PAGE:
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Dog Gone Problems: My dog started guarding a paper plate I gave him

Dog Gone Problems: My dog started guarding a paper plate I gave him

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Dog for 5/12/21

Dog Gone Problems is a weekly advice column by David Codr, a dog behaviorist in Omaha. David answers dog behavior questions sent in by our readers. You can reach him at


David Codr (mug)

David Codr is an Omaha dog behaviorist. You can reach him at his website,

Dog Gone Problems,

My dog was licking a paper plate with leftover pieces of cheese on it. He started chewing up the plate and when I tried to take it away, he started growling and baring his teeth. I thought he was going to bite! I yelled at him and locked him in the kitchen for about half an hour. What should I have done?



Hi Barbara,

It sounds like your dog could have been doing some resource guarding of the plate. Dogs can guard a person, place or a thing.

In the wild, resources are very important for a dog’s survival. Now that we have domesticated dogs, they don’t need to guard their materials in the same way, but some dogs develop resource guarding issues all the same.

When a dog is resource guarding, they typically stand over the object and if someone approaches, they often freeze or get stiff. Some dogs will growl and bear their teeth while others may snap at the air or lurch if you get too close. If you don’t listen to them and continue to approach or don’t move away, some dogs will bite you.

When a dog is in a resource guarding mode, they are communicating if they are concerned that we are going to take their resource and aren’t thinking rationally. So yelling or punishing him won't help. Of course, when humans experience this behavior, the first thought that pops into their brain is “I’m gonna take that thing away from the dog to show it who’s boss.”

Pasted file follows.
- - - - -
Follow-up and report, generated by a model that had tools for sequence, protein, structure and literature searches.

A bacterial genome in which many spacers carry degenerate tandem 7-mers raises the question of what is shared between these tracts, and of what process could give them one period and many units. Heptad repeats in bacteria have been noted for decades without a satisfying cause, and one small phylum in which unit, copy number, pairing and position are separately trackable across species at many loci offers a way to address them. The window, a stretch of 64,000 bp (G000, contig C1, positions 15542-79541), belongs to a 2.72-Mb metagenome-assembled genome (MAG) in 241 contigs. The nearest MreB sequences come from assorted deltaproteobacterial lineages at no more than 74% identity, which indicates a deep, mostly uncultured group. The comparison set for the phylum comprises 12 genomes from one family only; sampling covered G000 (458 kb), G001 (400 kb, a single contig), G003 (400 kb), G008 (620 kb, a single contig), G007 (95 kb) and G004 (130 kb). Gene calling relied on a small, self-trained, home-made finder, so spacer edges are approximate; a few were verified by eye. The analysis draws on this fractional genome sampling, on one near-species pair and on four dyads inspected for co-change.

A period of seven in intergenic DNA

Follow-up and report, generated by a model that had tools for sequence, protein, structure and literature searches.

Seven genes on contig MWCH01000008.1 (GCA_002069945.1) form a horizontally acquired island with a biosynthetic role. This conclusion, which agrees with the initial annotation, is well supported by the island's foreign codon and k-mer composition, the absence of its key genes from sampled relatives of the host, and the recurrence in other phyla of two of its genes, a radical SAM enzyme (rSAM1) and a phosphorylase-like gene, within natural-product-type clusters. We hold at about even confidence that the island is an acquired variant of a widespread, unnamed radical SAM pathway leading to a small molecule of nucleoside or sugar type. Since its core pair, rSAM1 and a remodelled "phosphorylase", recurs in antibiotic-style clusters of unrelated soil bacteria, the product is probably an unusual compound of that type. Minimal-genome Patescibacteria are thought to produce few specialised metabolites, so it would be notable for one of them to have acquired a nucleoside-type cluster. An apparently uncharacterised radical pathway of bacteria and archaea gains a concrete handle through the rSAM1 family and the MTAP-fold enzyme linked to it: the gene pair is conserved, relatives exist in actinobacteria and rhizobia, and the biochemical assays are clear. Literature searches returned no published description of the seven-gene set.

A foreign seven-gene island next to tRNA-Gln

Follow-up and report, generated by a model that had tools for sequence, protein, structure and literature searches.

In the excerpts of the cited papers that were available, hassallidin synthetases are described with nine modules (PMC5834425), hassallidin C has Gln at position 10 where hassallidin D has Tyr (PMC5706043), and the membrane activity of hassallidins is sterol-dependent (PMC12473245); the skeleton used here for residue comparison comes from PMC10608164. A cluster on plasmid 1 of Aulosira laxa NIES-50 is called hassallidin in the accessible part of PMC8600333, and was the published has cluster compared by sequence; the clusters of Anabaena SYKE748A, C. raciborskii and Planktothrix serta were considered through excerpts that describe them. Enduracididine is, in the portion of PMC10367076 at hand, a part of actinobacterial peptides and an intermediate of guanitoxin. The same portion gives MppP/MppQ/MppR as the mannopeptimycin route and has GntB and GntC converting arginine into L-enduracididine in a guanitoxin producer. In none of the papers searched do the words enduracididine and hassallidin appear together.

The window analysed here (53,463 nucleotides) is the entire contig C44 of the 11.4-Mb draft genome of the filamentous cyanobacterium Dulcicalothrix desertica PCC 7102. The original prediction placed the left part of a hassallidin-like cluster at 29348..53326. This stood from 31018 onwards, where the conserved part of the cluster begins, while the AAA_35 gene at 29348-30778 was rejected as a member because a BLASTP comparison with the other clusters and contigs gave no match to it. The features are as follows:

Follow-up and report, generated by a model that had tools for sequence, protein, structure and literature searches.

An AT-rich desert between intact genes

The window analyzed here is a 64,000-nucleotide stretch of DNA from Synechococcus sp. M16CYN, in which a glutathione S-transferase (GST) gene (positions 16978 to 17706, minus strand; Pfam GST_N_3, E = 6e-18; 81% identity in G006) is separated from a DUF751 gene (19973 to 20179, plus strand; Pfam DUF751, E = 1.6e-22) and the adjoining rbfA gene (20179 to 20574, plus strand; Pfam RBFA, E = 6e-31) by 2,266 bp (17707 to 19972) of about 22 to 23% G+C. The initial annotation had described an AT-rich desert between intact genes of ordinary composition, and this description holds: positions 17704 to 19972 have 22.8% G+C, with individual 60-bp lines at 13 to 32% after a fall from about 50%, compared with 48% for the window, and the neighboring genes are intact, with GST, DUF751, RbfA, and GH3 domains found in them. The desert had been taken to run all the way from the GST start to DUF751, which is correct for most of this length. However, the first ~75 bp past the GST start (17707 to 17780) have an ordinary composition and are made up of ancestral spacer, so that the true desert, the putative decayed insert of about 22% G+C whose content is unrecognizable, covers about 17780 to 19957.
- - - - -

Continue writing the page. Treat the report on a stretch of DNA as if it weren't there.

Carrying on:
But if you forcibly take anything away from the dog who is resource guarding, you’re going to only exacerbate their perception because, after all, you did take the resource.

Obviously, in some situations it’s not safe for the dog to have or chew on the resource or it's something we don’t want the dog to destroy. Whenever possible, it’s best to trade or distract the dog to move away from the object instead of forcibly taking it from them.

Some dogs will leave the item behind if you leave the room so they can follow you, which gives you an opportunity to put the dog in another location and remove the object without them knowing. In other cases, you may be able to drop some high-value treats to the side of your dog and have them get up to go get the treats, leaving the resource object behind.

Whenever possible, if you do take away a resource, make it a trade by giving the dog something of equal or greater value like a bully stick, cow kneecap or marrow bone.

However, trading and distracting your dog away from the object is only going to help you manage the problem, not fix it.

The best way to stop the dog from guarding resources is to teach him that when a dog or human approaches, not only are they not a threat to take the item, the arrival indicates that more resources will arrive. This video includes a number of tips on how to stop resource guarding in dogs.

The next time your dog decides to guard a resource — and it's something you don’t have to take away due to safety concerns — use the technique outlined in the video so you can help your dog learn he doesn't need to guard resources from you. It's a process and may take multiple practices, but I have used this technique to stop hundreds of dogs from resource guarding.

One last tip: Be sure to remove access to any objects the dog may guard in the future or has guarded in the past. Don't leave them around or offer them to the dog. This means no more food on paper plates for your pup until you fix this resource guarding problem for good.

Good luck and remember — everything you do trains your dog. Only sometimes you mean it.


Submit your pet questions to David Codr by emailing a photo of your dog and question to Visit for more from David.

Omaha World-Herald: Momaha

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